No investor is a bigger superstar than Berkshire Hathaway's (NYSE:BRK-A) (NYSE:BRK-B) Warren Buffett. But the beauty of Berkshire Hathaway stock is that even when Buffett is no longer able to run the company, the tenets that have guided his investment decisions will remain in place for his successors to follow for decades to come. Let's take a closer look at why Berkshire Hathaway stock offers good long-term prospects even after its recent run to record highs.
Berkshire's one-stop shop for investors
Even among conglomerates, you won't often find the breadth of industry coverage that you'll see among Berkshire's mix of businesses. Among the largest parts of Berkshire are its core insurance business, with its GEICO unit being the best-known insurance carrier in the mix; the railroad company Burlington Northern Santa Fe, which it purchased in early 2010; and its majority stake in MidAmerican Energy, which provides electric utility services as well as operating power-generation facilities using both conventional fuels and renewable generation methods like wind.
But along with those big parts, investors who own Berkshire Hathaway stock also get a wide range of other wholly owned businesses. Consumer brands like Helzberg Diamonds and See's Candies as well as business services companies like NetJets show the wide variety of businesses that Berkshire has felt comfortable buying over the years, demonstrating Buffett's commitment to finding profitable opportunities wherever he can.
What has made Berkshire's business unusual is that it hasn't hesitated to invest its insurance reserves in stocks rather than the bond investments that many of its insurance-company peers use. By building up a stable of blue-chip public companies with strong long-term stock performance, Berkshire has capitalized on the better returns that those stocks have provided compared to short-term bond investments.
That business model has been so successful that other, smaller insurance companies have emulated it. For instance, Fairfax Financial (NASDAQOTH:FRFHF) and Markel (NYSE:MKL) have used the same investing model to take advantage of their respective core insurance businesses. Both Fairfax and Markel have had substantial success, showing the power of using temporarily available premium reserves to make higher-return investments.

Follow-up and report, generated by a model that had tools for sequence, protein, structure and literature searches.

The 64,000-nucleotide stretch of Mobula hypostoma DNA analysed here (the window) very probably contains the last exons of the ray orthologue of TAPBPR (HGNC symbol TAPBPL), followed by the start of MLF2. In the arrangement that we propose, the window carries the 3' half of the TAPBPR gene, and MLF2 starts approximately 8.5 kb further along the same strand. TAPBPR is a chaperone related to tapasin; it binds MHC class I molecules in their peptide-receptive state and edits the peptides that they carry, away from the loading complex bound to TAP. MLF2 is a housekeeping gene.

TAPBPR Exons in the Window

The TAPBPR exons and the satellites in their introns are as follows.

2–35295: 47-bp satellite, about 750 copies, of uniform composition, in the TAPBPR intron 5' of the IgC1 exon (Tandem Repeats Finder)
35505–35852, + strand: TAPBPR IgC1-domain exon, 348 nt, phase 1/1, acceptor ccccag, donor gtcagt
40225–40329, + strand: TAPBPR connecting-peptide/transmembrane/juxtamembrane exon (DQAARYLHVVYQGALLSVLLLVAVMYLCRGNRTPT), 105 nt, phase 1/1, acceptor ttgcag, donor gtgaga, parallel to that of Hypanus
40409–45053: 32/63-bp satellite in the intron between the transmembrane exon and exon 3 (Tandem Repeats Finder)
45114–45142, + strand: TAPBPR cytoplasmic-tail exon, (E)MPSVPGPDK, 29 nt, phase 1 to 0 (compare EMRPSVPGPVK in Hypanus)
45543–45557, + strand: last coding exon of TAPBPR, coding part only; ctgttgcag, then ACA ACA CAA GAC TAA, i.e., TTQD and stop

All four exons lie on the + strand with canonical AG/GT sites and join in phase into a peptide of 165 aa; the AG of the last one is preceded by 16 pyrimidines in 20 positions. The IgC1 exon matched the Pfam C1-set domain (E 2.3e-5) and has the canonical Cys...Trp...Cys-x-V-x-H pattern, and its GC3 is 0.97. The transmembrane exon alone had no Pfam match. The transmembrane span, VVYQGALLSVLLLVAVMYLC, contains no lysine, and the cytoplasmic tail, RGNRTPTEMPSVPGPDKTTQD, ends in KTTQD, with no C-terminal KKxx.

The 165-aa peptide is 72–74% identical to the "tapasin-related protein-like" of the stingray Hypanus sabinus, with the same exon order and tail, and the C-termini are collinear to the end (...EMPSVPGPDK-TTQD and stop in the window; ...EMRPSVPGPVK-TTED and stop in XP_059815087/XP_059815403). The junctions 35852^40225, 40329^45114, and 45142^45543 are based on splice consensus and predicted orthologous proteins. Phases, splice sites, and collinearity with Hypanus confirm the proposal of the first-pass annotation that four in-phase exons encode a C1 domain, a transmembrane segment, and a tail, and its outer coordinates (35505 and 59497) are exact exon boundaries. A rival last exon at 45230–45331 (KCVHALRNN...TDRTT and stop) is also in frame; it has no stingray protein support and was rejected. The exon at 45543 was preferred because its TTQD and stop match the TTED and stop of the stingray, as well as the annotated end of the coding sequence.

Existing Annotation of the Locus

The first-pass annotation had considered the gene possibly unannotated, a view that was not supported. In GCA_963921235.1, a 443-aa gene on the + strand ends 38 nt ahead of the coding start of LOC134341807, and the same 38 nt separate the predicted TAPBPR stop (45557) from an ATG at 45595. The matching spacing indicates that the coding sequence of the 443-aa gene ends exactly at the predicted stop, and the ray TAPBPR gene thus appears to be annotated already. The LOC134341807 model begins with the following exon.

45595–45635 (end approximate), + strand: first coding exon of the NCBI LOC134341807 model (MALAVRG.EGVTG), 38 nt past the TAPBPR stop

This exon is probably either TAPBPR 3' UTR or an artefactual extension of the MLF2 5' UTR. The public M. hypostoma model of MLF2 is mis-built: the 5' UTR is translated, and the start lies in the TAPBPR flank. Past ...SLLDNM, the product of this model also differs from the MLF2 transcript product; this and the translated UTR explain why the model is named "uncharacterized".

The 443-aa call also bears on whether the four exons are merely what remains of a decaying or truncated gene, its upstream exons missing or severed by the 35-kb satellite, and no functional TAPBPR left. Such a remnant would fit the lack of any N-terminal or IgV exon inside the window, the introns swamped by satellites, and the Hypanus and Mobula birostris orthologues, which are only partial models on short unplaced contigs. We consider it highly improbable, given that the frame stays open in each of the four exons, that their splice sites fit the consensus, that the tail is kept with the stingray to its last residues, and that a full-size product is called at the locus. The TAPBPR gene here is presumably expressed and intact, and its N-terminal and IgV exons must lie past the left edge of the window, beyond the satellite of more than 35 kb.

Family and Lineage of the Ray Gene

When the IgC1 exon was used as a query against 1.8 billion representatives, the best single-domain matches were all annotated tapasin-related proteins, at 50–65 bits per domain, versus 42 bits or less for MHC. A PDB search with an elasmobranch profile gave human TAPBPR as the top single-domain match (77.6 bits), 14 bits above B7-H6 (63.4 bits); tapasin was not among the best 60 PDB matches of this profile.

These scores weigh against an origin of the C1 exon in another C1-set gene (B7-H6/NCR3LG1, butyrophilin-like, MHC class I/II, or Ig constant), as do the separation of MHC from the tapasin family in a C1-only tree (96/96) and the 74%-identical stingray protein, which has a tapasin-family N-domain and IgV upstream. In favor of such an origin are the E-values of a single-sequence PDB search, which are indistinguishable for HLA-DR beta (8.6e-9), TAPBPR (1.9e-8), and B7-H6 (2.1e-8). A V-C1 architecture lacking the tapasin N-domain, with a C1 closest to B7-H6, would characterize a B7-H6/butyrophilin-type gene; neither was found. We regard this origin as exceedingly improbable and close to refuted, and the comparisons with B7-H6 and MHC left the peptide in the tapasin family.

What's ahead for Berkshire?
Many bearish investors have pointed to Buffett's mortality as the primary threat to Berkshire Hathaway stock. They point to multiple episodes in which titans of the corporate landscape have turned to Berkshire with irresistible business propositions, using Buffett's reputation to help bolster their own business prospects. We saw two excellent examples of that during the financial crisis, when both General Electric and Goldman Sachs came to Buffett for financing in deals that have proven quite lucrative for Berkshire.
The counterpoint to the bearish argument, however, is that Buffett has been preparing for the day when he has to leave Berkshire's leadership to a successor. With massive purchases of stable businesses, Berkshire has found uses for most of its capital, reducing the need for a successor to find Buffett-like investments in the immediate future. With Berkshire's new stock repurchase authorization, any plunge from Buffett's departure will give Berkshire an opportunity to buy back shares at levels below Buffett's assessment of the company's intrinsic value.
Clearly, Berkshire isn't a risk-free investment. But its combination of businesses offers some protection against all but the most serious downturns. The stock's performance during the tech bust of the early 2000s stands as a testament to Berkshire's durability in the face of tough conditions for investors.
Why Berkshire's worth another look
If you haven't looked at Berkshire Hathaway stock lately, it's worth delving into the company's vast array of businesses. With even more diversification than many mutual funds offer, Berkshire Hathaway stock has room to run higher because of the culture of value investing that Buffett has set in place -- and because that culture will survive long after he departs as Berkshire's leader.
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Fool contributor Dan Caplinger owns shares of Berkshire Hathaway. You can follow him on Twitter @DanCaplinger. The Motley Fool recommends Berkshire Hathaway and Markel. The Motley Fool owns shares of Berkshire Hathaway and Markel. Try any of our Foolish newsletter services free for 30 days. We Fools may not all hold the same opinions, but we all believe that considering a diverse range of insights makes us better investors. The Motley Fool has a disclosure policy.